As principal of the Nova Scotia Community College Pictou Campus in Stellarton, Dave Freckelton makes a point of keeping his finger on the pulse of Nova Scotia’s job needs.
It’s crucial for him to see students trained for positions that they can get jobs in after they graduate.
In the past (such as when TrentonWorks was operating full tilt), the NSCC had welding courses offered 24 hours a day to help meet the demand. Other times they have to cut programs due to lack of interest.
When it comes to looking at statistics surrounding those trends, often those numbers need to be examined in a broader context, Freckelton said.
“I don’t think you can rely on the data as solidly as you could 15 or 20 years ago,” he said.
This week BuildForce Canada released a report which said that attracting, training, and keeping the next generation of skilled workers in Nova Scotia will be an industry necessity to counter the retirement of approximately 8,200 construction workers this decade, according to their latest labour market forecast.
“It will take a concerted effort to replace up to a quarter of the province’s construction workforce that’s planning to retire in the next 10 years,” said Bill Ferreira, executive director of BuildForce Canada. “Compounding the challenge is the reality that Nova Scotia has one of the oldest populations in Atlantic Canada and a shrinking pool of young workers to draw from.”
Approximately 25 per cent of the province’s construction workforce is expected to retire over the next 10 years their report showed.
“Nova Scotia’s non-residential sector should become a stable source of construction employment this decade,” added Ferreira. “In addition to ongoing recruitment, the industry may need to encourage greater mobility of workers between the non-residential and residential sectors to overcome the retirement challenge.”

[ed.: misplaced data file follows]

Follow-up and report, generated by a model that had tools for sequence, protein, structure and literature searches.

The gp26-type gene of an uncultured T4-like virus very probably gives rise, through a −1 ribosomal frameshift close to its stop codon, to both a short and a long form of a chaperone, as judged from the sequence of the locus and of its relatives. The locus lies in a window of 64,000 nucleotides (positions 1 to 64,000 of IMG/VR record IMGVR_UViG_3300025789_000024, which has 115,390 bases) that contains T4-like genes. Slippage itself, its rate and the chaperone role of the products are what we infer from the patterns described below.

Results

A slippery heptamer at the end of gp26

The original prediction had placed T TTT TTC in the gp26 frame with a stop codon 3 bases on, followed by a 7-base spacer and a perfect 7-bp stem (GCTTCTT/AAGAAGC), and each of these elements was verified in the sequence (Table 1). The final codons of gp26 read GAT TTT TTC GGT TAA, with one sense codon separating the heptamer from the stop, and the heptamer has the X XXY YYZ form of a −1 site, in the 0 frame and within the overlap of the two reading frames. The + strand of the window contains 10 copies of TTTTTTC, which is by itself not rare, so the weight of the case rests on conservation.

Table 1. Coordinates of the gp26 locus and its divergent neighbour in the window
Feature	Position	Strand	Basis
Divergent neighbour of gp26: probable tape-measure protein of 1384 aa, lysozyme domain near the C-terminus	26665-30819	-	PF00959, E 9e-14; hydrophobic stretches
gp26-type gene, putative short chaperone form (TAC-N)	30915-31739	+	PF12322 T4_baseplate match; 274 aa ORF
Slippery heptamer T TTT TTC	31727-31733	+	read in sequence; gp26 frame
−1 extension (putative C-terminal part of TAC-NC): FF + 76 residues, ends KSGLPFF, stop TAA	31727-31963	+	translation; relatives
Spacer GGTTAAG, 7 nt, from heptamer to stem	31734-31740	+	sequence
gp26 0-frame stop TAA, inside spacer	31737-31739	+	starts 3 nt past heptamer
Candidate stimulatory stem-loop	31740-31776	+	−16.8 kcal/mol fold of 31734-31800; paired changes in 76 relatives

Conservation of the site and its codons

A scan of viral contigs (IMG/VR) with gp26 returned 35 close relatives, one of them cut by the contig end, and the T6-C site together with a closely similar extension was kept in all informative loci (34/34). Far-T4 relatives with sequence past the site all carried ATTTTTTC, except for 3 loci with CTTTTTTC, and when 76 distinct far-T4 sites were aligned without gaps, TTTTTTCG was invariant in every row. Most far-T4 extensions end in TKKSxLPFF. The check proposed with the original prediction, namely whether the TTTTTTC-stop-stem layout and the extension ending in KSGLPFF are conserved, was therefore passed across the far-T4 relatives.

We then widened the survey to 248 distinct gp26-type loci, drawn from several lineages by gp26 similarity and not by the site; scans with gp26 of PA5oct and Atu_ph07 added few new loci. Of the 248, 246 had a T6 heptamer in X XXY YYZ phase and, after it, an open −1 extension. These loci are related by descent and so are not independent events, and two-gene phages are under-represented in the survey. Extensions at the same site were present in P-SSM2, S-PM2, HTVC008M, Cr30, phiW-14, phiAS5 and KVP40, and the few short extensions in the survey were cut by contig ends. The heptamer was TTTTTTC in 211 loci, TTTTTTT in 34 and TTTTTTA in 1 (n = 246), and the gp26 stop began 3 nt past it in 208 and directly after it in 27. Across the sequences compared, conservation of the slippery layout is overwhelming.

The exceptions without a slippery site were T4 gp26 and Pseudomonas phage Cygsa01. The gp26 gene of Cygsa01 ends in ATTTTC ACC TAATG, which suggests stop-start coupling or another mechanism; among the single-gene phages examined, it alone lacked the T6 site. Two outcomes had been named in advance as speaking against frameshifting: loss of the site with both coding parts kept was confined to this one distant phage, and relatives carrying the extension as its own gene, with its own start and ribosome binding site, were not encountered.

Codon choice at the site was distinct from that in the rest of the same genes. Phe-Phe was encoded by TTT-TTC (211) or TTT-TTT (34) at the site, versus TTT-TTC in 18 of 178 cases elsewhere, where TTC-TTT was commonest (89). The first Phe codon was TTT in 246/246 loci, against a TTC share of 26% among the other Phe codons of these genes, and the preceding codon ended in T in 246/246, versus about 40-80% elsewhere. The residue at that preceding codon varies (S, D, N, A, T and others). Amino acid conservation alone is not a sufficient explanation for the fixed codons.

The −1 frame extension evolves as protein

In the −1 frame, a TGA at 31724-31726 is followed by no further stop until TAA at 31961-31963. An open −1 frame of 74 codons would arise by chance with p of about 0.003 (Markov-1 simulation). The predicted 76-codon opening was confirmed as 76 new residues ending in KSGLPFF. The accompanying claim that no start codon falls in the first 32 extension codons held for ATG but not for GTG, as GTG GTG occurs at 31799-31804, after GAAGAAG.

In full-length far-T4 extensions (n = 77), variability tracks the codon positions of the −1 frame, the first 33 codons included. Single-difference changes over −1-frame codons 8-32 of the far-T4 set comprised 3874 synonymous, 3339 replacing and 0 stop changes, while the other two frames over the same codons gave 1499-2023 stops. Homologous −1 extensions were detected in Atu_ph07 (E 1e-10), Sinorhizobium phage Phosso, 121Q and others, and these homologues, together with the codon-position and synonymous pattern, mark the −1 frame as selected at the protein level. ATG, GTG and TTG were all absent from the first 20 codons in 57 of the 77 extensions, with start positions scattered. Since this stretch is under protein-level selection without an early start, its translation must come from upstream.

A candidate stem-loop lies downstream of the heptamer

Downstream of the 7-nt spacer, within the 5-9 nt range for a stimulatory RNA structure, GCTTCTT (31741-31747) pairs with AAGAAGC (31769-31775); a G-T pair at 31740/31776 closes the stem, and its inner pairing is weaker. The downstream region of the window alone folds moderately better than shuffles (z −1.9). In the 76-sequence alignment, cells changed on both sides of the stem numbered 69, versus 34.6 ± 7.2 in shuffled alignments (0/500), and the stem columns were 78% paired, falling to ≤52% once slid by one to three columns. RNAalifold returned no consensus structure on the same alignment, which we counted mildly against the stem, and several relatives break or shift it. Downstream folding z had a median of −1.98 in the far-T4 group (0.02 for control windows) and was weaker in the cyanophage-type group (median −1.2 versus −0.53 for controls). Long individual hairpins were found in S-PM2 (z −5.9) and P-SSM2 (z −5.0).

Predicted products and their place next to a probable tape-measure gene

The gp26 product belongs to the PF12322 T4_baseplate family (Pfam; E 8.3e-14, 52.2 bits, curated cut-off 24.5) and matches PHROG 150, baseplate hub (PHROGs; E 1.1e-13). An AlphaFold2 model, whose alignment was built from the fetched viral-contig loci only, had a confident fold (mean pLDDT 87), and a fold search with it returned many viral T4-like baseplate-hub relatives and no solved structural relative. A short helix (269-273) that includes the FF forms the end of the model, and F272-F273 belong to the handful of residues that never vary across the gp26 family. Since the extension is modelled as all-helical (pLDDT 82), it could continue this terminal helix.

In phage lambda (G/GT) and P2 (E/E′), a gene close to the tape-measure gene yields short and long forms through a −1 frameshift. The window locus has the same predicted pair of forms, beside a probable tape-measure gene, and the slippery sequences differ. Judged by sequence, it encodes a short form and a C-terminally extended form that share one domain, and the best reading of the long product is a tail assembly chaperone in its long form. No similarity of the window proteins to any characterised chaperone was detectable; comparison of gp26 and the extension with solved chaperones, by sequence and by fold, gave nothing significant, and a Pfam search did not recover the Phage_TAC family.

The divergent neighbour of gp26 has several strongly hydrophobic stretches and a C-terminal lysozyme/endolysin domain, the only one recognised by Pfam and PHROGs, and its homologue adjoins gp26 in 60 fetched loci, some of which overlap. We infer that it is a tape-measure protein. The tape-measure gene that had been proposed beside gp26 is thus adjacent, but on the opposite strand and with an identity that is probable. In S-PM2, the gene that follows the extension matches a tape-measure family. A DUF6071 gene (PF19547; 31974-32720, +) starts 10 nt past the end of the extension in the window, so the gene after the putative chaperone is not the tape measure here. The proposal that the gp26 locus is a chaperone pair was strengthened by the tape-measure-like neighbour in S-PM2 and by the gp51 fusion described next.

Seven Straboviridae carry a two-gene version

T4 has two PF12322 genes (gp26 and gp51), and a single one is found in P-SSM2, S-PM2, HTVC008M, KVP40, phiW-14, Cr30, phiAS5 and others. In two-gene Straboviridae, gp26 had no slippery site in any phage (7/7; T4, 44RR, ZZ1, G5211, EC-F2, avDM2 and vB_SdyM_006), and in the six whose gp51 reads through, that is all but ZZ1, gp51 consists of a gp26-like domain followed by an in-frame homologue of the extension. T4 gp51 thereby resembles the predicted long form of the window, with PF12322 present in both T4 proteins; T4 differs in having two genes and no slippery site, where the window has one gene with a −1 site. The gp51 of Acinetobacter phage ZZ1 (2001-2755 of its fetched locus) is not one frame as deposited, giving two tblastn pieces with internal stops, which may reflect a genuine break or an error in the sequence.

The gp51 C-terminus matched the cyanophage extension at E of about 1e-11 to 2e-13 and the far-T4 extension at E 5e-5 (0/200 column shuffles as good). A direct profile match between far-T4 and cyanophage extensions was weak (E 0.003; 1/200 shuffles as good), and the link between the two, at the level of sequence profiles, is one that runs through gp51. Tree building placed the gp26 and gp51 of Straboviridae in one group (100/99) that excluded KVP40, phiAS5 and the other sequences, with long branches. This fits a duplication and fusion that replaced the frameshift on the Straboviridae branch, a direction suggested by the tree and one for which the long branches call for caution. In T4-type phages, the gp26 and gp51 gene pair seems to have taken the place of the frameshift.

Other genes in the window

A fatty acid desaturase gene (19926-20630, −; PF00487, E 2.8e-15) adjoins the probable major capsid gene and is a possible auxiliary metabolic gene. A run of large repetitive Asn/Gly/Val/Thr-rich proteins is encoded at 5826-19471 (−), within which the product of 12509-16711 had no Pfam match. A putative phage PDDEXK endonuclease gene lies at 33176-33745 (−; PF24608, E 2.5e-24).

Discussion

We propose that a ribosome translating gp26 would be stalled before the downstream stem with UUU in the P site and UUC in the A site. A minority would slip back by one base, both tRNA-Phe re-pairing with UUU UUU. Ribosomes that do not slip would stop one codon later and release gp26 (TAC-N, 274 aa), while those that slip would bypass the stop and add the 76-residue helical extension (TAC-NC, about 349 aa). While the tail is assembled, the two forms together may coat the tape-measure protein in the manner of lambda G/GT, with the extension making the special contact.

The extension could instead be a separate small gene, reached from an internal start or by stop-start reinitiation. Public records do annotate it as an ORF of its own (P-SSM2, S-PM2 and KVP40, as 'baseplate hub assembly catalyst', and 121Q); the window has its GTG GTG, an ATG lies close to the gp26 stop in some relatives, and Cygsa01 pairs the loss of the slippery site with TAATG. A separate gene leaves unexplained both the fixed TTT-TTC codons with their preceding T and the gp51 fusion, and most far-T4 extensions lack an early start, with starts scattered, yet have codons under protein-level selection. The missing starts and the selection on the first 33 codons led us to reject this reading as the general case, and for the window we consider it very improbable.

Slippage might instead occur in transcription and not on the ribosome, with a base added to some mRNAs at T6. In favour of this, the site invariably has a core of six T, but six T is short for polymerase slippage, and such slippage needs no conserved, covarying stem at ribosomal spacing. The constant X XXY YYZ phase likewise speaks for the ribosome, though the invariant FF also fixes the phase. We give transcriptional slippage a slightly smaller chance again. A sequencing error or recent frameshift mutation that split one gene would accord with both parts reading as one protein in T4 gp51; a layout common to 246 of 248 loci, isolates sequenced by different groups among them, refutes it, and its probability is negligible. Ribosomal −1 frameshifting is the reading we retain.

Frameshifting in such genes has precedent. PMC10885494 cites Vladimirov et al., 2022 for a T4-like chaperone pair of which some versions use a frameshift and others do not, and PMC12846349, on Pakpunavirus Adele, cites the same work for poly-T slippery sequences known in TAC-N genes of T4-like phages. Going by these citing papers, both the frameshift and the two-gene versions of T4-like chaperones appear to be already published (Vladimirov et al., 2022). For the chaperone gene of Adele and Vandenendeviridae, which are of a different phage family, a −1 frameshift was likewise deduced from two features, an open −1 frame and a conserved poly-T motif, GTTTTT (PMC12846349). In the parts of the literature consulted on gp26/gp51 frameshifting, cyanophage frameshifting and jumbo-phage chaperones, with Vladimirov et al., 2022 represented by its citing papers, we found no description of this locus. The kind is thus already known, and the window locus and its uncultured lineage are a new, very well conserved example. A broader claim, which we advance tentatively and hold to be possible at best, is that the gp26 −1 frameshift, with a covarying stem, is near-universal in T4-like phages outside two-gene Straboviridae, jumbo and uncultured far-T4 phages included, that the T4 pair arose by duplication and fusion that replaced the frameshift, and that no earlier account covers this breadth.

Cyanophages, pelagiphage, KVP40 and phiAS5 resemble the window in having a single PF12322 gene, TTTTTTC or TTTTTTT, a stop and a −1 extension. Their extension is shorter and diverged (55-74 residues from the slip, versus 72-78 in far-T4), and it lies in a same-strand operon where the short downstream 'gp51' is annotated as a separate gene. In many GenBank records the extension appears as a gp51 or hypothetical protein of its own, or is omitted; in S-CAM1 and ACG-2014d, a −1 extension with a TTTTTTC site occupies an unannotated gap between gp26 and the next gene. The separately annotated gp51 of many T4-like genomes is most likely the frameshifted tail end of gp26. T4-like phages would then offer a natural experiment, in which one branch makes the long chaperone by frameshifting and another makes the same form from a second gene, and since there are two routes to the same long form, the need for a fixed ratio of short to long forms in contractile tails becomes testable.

There are other factors Freckelton looks at when he sees these statistics. One is the fact that many people are working beyond what was traditionally considered retirement age, which could limit the impact of the projected number of retirees.
“There’s no magic age anymore,” he said.
He said it’s also important to consider what’s happening out west. When there is a downturn in the oil industry, for instance, Nova Scotia often sees many of their trades people return to the province.
BuildForce Canada’s 2018–2027 Construction and Maintenance Looking Forward forecast shows that as current major projects end, and new housing is expected to cycle down throughout the decade, employment is sustained by steady levels of industrial, commercial and institutional (ICI) building construction along with rising maintenance requirements and modest growth in home renovation work. Completion of the Maritime Link transmission line, the Halifax Convention Centre and the Macdonald Bridge may lead to a modest decline in construction employment this year. A new granite quarry, the twinning of a highway and other infrastructure work, however, should sustain related employment going forward.
Freckelton for his part will continue to closely monitor the situation so he can steer students on the right path to employment. He added it’s important for students to not just choose something they can find a job in but also something they’ll enjoy.
“We’re careful about encouraging students to react to trends. We want to make sure the program is a right fit.”
He said currently 87 per cent of their students are employed with the majority of those finding jobs in their field of study.